15 Jun Clicker training
What is Clicker Training?
Want your parrot to behave a certain way but don’t speak Budgie, Cockatiel, Senegal, Macaw or Cockatoo? Clicker training is an ideal way to bridge the language barrier and communicate with your parrot in a fun and rewarding way.
Clicker training your bird will keep their mind occupied and allow you to interact with them as never before.
Studies have shown that an active mind will help keep your bird from becoming depressed and from self mutilation triggered by boredom. It is especially important and effective for rehabilitating and modifying ‘problem birds’. Most importantly it will strengthen your relationship. All birds will benefit from clicker training regardless of age, species or outlook on life!
What is a Clicker?
The Clicker is a small hand held noise maker which was first used by dolphin trainers. The sound of the clicker is an ‘event marker’. This means that the sound is only ever heard when your parrot (or any other animal) is doing what you want it to do. The clicker is used because the noise it makes is unique (not heard in everyday life), consistent and quick to generate.
How does it work?
Like us parrots make choices, good and bad depending on what their desired outcome is. For example; a quiet parrot ‘behaving well’ is ignored but a screaming parrot commands attention and we react. Whatever our reaction is, to a parrot it means attention. Like it or not you have just reinforced negative behaviour, consequently your parrot has successfully ‘trained’ you to react on her command.
Clicker training reinforces ‘good’ behaviour by using rewards. For instance if you tell your bird to “step up” and you give it a favourite seed as soon as they step onto your hand they are more likely to do it next time.
The reward is always the bird’s motivation for performing the behaviour, but the clicker lets the bird know that what it has done is correct.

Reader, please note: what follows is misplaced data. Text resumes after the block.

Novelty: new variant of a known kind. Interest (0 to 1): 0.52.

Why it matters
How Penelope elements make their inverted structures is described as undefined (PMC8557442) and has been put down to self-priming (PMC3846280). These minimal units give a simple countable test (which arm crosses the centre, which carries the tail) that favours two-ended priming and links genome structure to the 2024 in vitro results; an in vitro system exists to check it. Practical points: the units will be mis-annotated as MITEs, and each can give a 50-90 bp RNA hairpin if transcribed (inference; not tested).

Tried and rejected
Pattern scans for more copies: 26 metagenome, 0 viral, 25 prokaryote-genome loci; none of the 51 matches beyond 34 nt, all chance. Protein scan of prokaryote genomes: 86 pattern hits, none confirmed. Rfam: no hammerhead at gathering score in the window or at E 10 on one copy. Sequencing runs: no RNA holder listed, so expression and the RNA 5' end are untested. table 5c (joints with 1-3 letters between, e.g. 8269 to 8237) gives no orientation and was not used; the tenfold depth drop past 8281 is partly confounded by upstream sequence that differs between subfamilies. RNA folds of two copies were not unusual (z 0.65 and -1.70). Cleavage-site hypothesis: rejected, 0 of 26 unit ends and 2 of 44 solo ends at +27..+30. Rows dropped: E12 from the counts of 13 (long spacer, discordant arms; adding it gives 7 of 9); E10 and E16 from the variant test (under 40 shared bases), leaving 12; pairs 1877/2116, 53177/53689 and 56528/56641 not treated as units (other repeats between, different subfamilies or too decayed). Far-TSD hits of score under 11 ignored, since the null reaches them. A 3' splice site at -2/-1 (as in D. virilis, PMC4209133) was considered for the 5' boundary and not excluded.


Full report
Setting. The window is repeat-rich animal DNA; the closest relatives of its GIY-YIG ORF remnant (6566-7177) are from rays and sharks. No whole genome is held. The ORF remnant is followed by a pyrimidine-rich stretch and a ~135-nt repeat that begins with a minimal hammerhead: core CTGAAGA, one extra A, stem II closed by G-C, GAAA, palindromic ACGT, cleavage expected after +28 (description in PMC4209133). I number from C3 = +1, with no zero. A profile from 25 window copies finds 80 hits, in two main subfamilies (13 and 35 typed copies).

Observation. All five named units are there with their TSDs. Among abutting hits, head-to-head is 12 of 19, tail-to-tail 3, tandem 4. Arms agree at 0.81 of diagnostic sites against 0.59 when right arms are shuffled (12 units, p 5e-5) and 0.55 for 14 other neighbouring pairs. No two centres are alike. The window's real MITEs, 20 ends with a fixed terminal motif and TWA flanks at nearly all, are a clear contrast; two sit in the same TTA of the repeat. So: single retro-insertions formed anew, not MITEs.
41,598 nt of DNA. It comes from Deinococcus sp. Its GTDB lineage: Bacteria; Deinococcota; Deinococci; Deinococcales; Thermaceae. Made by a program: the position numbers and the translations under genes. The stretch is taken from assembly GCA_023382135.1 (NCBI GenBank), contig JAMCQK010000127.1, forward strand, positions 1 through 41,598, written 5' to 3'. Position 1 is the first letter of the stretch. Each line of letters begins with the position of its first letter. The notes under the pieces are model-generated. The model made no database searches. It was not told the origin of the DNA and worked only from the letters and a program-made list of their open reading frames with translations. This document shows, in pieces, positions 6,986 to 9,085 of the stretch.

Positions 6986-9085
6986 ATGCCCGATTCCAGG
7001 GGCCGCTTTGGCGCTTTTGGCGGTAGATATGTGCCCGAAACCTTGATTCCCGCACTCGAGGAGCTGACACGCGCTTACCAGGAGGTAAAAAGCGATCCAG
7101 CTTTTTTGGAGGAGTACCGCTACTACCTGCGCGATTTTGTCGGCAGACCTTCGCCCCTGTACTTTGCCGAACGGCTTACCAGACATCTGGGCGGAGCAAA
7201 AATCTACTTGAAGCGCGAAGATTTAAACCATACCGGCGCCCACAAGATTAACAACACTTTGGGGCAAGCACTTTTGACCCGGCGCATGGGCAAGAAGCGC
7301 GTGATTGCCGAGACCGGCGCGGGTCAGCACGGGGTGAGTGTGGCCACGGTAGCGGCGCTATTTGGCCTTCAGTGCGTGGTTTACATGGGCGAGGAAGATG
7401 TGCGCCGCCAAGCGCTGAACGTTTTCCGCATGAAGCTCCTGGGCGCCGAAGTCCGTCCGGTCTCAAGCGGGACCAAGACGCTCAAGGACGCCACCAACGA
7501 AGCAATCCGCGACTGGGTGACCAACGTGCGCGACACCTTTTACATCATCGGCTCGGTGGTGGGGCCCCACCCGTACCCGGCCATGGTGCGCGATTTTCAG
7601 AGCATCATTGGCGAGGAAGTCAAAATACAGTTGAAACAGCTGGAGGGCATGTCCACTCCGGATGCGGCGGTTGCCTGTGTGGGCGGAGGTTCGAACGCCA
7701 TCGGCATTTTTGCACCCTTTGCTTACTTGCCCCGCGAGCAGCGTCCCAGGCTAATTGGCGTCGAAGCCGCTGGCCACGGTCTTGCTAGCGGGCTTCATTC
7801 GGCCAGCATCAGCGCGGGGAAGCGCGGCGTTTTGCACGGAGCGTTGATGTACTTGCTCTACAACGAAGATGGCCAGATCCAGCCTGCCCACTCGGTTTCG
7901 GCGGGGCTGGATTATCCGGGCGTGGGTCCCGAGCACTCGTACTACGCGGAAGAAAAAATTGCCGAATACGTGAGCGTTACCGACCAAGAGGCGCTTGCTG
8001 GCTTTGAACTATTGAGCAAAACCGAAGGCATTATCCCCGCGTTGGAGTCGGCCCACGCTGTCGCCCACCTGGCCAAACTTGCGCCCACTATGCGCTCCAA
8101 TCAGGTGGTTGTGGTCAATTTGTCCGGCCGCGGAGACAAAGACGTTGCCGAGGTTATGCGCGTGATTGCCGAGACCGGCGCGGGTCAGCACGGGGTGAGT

What is the best reward?
This depends entirely on your parrot and what motivates them. Some like nothing more than hearing their human laugh, more commonly food is the motivator. Pele my Senegal loves nothing more than a round of applause after hearing the clicker however, Sid my cockatiel is motivated by favourite seeds.
Introducing your bird to the clicker! Start small!
Introduce the clicker by asking your bird to do something that they already do well. This could be a high five, a hand shake, step up etc. With your clicker in one hand and your reward close by give the verbal command. As soon as the bird performs the action use your clicker, then offer a reward.
Initially your bird won’t make the connection but repeat this activity by alternating familiar commands until your bird reacts positively as soon as they see the clicker. My bird’s positive reaction is to spin excitedly as soon as he sees me getting the clicker out of the draw. Pele is so keen on the clicker that he has been known to find and steal the clicker so that he can ‘click’ it himself in the hope of a reward!
Remember our aim up to this point is to teach your parrot that the clicker means lots of attention, fun and treats!
Why do we need a verbal command?
Your birds first language is not English and like anyone learning a new language they have to understand what key words mean. For example in French lessons you might have learnt that ‘Masion’ means house by being shown a picture of a house. Clicker training swaps pictures for clicks.
Whatever verbal cue you choose to use for this new behaviour means nothing to your bird however, your bird does know that a click means “well done” and getting it right means getting a reward. Therefore, they will quickly learn what the verbal command is asking them to do and once this happens, you will not need to use the clicker for this behaviour!
Training should always be FUN! You want your bird to succeed and enjoy the time you spend together for this to happen they need to be able to achieve what you are asking of them. Before you attempt to train your bird think carefully about the behaviour and break it down into smaller steps, you may not realise how many individual actions go into the simplest behaviours. Each step should be taught in sequence and fully understood before moving onto the next one.
Try this at home using a human companion: Decide on a simple task you want your companion to do, for example sitting down on one particular chair. Now without touching, speaking or using hand gestures try to get your companion to sit in that chair. It’s not easy! Now swap over and you try and work out what your companion wants you to do without speaking etc. Frustrated? thats how your parrot feels!
CLICKER = REWARD!!!
NEVER press the clicker when not training. If the clicker is pressed by accident you MUST offer your parrot a reward.